When people envision our age group, they largely picture that we, the young and hip millennials, prefer cities much more than suburbs. After all, many of us came of age during the Great Recession, and migrated to cities where jobs were aplenty during hard times.
Our consumer habits have helped make the cities that were once hardscrabble and run-down into extremely liveable playgrounds for millennial existence. But the question remains: do we actually prefer cities over suburbs, or have we had little other choice but to live in urban areas?
Experts are divided about millennial’s lifestyle choices, and whether they might shift in the future. What we do know for sure is that our cultural norms are a radical departure from generations that preceded us, and those shifting patterns will follow us, even as we age. We’re not suddenly going to become exactly like previous generations, who fled as far into the suburbs as they possibly could.
How we’re different
Millennials, for the most part, want to live in walkable neighborhoods with public transportation. The lifestyle we embrace rejects car culture, as we are much less likely to commute by car than older age groups. Per capita driving peaked in 2007 and continues to decline largely because of millennial trends.
Being a renter is also something that’s much more mainstream than it used to be. The staple of the American dream used to be homeownership, which is now seen as a costly burden by many millennials. Renting gives you the flexibility to cut and run easily if a better career opportunity arises in a different city.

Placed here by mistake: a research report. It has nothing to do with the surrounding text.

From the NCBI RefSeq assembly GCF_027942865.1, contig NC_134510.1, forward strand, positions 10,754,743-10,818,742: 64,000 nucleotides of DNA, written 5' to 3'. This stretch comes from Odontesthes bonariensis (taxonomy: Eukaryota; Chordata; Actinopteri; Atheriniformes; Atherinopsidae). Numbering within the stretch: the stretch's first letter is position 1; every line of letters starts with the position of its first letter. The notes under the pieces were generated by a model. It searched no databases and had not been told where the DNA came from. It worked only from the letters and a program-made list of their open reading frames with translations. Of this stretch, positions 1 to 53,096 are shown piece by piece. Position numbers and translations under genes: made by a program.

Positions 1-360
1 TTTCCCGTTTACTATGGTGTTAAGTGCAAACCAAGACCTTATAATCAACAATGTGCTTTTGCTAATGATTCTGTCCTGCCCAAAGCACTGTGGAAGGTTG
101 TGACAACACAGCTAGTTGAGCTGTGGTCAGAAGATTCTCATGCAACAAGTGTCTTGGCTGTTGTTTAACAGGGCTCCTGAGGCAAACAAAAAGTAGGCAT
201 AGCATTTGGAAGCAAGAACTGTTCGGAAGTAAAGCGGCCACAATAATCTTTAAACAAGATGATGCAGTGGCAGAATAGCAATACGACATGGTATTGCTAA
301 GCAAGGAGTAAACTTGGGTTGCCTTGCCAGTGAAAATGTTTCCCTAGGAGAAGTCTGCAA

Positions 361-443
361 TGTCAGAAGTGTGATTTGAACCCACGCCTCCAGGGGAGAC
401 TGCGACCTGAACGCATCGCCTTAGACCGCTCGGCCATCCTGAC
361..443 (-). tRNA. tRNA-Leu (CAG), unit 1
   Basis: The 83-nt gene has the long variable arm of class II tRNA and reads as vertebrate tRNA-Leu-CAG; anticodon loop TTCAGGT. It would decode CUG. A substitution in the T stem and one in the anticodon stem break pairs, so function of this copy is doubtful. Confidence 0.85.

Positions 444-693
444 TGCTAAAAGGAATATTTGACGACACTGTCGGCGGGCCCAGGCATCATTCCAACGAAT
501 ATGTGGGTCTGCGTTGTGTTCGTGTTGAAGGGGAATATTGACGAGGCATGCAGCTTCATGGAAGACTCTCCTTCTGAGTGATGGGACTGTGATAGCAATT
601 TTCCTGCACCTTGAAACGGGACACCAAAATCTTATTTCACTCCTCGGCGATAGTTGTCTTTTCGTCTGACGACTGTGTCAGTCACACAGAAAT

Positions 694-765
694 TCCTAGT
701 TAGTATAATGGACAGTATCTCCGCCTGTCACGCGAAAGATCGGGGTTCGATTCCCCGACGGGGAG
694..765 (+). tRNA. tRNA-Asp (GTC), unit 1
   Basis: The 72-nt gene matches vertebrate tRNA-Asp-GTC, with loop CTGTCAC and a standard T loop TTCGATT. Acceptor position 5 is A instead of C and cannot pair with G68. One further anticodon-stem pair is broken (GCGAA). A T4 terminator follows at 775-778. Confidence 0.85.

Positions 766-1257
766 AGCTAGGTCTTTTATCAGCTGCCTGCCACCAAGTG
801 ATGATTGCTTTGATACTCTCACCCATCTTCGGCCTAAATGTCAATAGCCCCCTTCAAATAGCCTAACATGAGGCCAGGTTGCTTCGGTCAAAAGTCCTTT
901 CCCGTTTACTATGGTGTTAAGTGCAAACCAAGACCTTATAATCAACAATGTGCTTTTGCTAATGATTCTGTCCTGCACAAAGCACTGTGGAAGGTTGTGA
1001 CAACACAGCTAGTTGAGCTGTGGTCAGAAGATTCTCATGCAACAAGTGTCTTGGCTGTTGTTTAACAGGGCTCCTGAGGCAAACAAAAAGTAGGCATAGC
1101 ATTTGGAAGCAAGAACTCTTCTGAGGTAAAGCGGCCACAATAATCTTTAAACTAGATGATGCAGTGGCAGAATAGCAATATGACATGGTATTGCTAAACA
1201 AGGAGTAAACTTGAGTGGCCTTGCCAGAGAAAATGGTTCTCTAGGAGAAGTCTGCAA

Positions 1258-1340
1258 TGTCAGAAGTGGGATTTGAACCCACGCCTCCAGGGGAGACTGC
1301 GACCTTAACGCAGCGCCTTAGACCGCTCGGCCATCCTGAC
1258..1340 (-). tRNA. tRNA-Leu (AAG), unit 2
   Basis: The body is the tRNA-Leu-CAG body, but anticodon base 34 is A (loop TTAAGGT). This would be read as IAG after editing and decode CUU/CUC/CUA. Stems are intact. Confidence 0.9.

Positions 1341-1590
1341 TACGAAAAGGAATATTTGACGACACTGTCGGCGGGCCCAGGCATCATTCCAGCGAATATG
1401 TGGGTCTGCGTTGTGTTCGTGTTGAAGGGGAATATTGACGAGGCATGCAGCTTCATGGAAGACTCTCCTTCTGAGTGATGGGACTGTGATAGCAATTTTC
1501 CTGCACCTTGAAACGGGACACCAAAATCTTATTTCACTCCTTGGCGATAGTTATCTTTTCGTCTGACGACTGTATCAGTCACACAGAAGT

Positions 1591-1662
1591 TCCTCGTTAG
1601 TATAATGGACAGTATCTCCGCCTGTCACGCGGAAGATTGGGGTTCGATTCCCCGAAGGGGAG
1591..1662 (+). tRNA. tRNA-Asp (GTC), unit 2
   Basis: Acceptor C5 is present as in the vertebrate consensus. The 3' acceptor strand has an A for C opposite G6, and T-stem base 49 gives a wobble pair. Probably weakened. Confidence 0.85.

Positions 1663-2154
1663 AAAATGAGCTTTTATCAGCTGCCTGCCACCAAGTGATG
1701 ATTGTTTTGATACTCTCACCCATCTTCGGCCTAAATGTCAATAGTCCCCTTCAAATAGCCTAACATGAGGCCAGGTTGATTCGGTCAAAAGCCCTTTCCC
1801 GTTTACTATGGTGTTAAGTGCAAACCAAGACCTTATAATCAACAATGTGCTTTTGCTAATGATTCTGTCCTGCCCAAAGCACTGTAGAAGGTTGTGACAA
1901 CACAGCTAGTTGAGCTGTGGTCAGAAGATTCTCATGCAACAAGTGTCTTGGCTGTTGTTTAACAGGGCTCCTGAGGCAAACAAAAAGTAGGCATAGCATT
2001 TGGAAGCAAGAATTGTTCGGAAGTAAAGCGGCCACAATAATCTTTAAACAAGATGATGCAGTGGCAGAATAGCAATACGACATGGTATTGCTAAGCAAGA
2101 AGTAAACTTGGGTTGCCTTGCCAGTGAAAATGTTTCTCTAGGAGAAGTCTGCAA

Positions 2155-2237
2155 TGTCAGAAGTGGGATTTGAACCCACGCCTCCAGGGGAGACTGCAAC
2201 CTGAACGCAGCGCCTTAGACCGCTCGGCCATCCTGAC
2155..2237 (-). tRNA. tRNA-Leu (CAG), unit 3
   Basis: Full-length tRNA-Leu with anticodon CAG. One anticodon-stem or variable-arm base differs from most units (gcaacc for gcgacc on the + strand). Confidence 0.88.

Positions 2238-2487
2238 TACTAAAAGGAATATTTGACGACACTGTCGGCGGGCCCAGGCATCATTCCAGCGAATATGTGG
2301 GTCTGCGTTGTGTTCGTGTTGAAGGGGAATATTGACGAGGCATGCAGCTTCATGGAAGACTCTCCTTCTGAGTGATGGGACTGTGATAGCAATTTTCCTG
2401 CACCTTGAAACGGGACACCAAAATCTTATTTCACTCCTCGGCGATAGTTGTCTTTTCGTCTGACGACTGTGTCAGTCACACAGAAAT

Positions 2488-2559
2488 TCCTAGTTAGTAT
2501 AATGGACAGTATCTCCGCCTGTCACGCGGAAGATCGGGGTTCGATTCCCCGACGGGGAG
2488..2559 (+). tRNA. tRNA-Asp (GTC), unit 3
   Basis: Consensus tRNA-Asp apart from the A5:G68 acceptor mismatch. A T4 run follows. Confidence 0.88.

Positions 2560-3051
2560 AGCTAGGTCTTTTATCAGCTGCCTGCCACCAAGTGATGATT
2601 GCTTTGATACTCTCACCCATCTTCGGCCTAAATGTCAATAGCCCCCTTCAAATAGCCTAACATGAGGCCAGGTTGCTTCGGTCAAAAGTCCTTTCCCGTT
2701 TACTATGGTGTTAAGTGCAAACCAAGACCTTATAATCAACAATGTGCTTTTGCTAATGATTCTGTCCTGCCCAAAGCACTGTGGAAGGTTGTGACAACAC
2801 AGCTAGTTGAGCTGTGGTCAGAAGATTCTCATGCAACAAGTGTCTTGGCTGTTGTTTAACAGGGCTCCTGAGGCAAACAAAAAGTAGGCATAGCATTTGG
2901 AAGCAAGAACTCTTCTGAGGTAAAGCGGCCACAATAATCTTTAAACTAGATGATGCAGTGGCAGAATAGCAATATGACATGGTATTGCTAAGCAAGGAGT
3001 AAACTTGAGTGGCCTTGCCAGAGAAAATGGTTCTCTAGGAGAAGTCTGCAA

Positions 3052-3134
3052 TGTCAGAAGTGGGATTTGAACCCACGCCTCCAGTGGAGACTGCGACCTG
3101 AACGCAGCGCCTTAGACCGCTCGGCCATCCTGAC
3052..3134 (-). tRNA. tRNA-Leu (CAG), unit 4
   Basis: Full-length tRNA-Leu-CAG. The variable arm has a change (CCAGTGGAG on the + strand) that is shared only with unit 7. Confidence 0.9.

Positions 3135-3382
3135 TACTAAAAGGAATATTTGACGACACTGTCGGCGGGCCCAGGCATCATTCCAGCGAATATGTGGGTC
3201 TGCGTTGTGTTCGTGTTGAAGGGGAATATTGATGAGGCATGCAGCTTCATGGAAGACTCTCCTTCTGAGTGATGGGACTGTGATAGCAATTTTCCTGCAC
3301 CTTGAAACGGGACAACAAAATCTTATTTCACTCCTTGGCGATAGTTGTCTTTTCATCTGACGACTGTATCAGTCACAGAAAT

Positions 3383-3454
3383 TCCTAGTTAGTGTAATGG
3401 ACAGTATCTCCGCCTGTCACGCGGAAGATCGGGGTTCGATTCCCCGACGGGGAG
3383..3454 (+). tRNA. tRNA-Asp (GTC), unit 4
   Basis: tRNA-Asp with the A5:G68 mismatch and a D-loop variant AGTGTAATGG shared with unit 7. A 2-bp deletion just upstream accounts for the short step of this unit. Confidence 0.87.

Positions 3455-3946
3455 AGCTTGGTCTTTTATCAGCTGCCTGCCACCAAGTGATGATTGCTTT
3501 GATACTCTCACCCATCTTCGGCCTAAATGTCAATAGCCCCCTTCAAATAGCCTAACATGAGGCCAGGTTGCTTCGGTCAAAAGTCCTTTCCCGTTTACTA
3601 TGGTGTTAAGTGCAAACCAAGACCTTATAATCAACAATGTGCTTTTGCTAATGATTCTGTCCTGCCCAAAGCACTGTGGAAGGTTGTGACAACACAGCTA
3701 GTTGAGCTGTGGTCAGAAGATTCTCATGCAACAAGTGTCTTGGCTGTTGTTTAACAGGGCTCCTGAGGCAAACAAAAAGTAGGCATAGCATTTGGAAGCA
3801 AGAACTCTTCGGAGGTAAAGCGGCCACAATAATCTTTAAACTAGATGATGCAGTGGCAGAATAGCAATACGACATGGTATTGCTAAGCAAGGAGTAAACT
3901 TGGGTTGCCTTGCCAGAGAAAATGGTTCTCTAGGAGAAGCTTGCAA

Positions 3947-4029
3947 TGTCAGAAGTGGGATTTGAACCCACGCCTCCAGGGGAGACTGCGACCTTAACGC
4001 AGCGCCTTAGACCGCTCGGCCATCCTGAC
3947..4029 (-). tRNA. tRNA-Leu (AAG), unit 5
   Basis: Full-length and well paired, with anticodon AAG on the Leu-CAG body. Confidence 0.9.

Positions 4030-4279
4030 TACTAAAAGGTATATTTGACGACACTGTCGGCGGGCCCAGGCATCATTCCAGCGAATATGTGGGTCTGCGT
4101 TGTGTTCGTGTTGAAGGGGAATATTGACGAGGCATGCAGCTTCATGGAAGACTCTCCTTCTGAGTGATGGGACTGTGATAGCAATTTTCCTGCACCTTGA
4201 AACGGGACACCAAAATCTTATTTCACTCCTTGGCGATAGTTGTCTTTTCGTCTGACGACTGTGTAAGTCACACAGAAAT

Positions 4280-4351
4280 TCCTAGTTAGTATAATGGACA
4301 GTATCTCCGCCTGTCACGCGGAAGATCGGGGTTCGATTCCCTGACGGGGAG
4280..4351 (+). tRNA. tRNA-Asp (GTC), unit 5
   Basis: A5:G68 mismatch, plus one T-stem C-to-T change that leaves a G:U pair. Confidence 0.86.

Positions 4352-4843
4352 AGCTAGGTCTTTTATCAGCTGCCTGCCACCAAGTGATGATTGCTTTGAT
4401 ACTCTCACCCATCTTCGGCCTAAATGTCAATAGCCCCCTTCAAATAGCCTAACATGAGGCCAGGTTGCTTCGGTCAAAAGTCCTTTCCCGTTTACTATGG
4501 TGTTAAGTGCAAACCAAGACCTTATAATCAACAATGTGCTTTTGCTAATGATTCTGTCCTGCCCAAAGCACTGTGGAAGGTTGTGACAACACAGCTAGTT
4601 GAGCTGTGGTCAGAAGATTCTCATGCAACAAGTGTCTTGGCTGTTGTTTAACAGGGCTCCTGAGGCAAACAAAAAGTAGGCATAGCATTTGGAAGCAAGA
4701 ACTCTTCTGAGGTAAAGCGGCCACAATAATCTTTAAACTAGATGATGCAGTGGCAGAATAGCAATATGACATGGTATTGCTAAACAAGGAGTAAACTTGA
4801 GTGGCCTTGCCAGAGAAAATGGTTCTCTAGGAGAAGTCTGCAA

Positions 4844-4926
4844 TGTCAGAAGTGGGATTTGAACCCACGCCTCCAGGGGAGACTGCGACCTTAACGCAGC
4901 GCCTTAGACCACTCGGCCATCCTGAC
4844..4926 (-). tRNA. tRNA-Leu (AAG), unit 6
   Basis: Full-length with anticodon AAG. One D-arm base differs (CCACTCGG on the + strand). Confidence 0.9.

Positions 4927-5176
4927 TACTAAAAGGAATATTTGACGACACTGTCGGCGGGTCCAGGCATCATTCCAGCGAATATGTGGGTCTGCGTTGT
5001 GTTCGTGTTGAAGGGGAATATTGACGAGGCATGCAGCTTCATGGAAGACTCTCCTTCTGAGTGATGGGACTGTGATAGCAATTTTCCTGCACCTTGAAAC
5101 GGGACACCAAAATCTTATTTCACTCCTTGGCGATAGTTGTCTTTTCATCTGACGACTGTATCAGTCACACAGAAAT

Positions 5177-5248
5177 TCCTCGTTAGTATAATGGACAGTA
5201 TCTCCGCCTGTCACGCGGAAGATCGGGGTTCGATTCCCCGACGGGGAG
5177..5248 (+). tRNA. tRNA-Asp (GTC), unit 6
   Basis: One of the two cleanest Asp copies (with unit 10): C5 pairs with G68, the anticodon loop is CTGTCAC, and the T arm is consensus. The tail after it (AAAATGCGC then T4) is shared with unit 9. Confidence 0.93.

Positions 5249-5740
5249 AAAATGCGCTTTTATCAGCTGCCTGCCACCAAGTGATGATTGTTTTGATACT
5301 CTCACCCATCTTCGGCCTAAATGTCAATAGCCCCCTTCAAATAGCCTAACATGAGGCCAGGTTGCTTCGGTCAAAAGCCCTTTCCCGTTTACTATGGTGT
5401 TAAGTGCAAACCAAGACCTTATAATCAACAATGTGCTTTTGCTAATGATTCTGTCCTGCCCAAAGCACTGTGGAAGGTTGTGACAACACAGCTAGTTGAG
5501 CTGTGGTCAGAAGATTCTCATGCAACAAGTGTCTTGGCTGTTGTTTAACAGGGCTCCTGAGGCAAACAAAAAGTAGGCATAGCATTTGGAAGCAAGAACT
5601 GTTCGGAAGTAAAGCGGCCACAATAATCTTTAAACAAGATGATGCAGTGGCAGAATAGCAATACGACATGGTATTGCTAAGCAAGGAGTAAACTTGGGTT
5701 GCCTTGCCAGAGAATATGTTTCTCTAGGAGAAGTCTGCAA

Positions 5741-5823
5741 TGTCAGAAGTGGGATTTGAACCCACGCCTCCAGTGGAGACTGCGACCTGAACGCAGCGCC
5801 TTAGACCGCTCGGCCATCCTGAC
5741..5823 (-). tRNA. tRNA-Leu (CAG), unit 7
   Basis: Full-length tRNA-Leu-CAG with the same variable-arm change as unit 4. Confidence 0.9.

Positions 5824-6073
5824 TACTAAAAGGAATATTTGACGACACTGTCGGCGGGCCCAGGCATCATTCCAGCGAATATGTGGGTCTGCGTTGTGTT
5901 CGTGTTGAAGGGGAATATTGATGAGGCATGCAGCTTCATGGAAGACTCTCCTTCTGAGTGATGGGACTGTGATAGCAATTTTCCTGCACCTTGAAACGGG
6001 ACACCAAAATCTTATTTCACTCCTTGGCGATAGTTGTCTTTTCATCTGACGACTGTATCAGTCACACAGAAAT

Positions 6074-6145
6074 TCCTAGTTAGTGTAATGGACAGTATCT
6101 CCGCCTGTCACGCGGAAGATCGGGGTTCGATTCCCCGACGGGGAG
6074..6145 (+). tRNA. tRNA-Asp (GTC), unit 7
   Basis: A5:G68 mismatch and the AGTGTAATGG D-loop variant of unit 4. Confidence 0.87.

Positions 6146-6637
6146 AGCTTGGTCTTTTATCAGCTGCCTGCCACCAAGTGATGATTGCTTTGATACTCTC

Cities are great, kind of
Cities are lovely places to find work, socialize and get out-and-about. Urban living is great while you’re young and vibrant, but as we get older, the gritty reality may cloud our optimism.
The sky high rents, the congestion and lower living standards pretty much across the board can sour an urbane existence. Housing is a major issue in many of our largest cities. For instance, about 100,000 people moved into New York City last year, but the city only added 25,000 new units.
Overall, living in a city can be depressing, and there is something to be said about the maturity and stability of living in the suburbs. In fact, some experts claim that millennials don’t actually prefer cities, but rather that we just don’t have the resources to live elsewhere right now. In the same way we’ve delayed other major life events because of economic reasons, migration to the burbs is yet another milestone that’s been put off because of financial stress.
The perfect neighborhood: urban/suburban hybrid
The most recent data available suggests that millennials are starting to leave big city downtowns, but they’re not going to the low-density suburbs where they likely grew up. The ideal living environment for millennials appears to be a new age hybrid suburb that mixes the best of both urban and suburban worlds.
What a hybrid urban/suburban neighborhood means in practice is largely subject to interpretation, but there are few characteristics we can easily nail down. Millennials want the social interaction and the infrastructure that they’re likely to find in cities, with the affordability and greenery that suburbs typically enjoy.
We want the liveability of the suburbs married with the convenience of the cities. Luckily, this type of development has existed for years, and is called New Urbanism. However, there are not nearly enough places that embrace New Urbanism yet to satisfy the consumer preferences of our generation.
Many of our low-density suburbs will have to be retrofitted as denser areas with better public transport and walkability. Fortunately, this is already happening in cities around the country. As millennial dominance in the economy becomes the norm, we’ll see smarter neighborhoods for the 21st century millennial living.